Stalked, harried, hunted Will Ruto survive?

Stalked, harried, hunted Will Ruto survive?

By George Omuholo

Will Kenya’s self-styled hustler, William Ruto, survive the shark-infested waters that are Kenya’s political landscape, to become the county’s fifth President in 2022?

That the race to the Big House on the Hill has begun is not in doubt. This is despite political top cats every often petitioning everybody else “to stop doing politics and focus, instead, on development.” The plea is itself at once a contradiction and a misnomer. It is political abracadabra that only brings out the leaven of hypocrisy, for there can be no separating politics from development.

By its very nature, social and economic development will fall within one or another prism of political orientation – usually referred to in social science as political economy. Even at the most basic level, it should be possible to identify a trend that can take a political name.

Consciously thought-through paradigms may assume such tags as free market political economies. Others may want to be deliberately closed political economies, such as were many thrusts in socialist and communist countries in Eastern Europe and in such other places as Cuba, North Korea and North Vietnam.

In Africa, many states have claimed to embrace mixed political economies – where it is understood that they practise elements of both capitalism and socialism. The notion of bandit robber baron and buccaneer economies would seem to be more astute, however, for most African political economies.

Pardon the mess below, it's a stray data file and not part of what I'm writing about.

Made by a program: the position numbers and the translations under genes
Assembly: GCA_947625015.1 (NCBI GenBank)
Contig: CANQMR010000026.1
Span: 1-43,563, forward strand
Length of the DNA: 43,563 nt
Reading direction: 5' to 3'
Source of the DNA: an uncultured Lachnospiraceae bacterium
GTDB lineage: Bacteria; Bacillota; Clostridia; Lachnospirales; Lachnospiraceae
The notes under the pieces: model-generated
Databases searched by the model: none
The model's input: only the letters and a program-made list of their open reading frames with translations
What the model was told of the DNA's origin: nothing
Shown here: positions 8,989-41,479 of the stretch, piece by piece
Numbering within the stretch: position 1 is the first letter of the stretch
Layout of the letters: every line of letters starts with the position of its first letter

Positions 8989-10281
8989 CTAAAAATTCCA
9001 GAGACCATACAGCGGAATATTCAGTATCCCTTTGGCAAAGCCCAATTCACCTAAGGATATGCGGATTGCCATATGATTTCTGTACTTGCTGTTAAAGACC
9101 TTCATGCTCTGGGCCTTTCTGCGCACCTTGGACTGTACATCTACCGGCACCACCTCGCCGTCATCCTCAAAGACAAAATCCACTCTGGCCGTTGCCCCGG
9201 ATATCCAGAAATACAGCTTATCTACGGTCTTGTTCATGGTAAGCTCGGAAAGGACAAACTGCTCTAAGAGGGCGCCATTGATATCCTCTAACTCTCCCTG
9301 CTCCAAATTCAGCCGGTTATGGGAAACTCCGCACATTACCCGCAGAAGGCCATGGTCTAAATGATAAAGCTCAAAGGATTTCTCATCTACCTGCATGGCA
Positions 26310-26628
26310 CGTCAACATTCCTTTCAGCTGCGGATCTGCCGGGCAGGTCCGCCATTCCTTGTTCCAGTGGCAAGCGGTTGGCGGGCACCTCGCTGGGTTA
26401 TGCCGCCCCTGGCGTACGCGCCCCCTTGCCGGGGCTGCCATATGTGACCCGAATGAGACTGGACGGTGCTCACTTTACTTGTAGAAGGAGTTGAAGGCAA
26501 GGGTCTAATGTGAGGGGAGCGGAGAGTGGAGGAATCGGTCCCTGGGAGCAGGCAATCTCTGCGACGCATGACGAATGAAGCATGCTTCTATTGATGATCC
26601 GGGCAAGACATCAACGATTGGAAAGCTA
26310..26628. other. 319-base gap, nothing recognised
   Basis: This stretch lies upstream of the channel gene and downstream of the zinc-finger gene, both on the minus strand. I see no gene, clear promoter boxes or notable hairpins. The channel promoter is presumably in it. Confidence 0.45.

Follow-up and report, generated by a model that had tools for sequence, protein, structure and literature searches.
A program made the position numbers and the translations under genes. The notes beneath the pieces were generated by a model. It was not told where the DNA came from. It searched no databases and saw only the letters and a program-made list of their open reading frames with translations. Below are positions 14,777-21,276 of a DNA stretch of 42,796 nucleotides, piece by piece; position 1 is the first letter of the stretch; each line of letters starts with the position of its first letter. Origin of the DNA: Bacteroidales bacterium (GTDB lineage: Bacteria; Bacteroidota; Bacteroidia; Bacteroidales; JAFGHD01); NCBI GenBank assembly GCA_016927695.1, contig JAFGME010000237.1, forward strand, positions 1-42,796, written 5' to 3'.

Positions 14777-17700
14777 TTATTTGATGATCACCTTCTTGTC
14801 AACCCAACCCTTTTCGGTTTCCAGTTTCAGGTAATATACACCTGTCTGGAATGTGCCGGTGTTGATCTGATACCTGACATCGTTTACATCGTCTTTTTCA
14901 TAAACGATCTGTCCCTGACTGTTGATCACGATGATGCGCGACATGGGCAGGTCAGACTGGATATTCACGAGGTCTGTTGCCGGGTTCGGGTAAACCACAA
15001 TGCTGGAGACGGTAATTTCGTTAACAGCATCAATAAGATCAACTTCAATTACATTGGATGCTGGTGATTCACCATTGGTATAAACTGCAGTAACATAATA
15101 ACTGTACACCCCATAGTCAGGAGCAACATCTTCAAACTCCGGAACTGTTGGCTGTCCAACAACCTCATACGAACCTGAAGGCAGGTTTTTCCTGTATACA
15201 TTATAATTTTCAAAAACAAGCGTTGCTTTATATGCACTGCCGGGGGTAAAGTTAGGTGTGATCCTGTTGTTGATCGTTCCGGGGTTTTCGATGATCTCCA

Whatever the case and the definition, however, politics is the most common coin in government. Those who govern will pursue agenda that seeks to keep them in power, while those outside will attempt to get in. A sitting government will try to embrace a political, social and economic agenda that could keep it in power, even when there is change over from the current head of government due to term limitations.

The Opposition, on the other hand, will seek to replace the government. If the opportunity to replace them comes sooner than at the appointed official election date, so much the better for them. It is, therefore, meaningless to tell politicians to drop politics and focus on development. They will politic all the same.

And none politics like The Hustler. His capacity for realpolitik has seen him literally rise from rags to riches – from a street peddler of chicken to the Deputy President of East Africa’s foremost economy.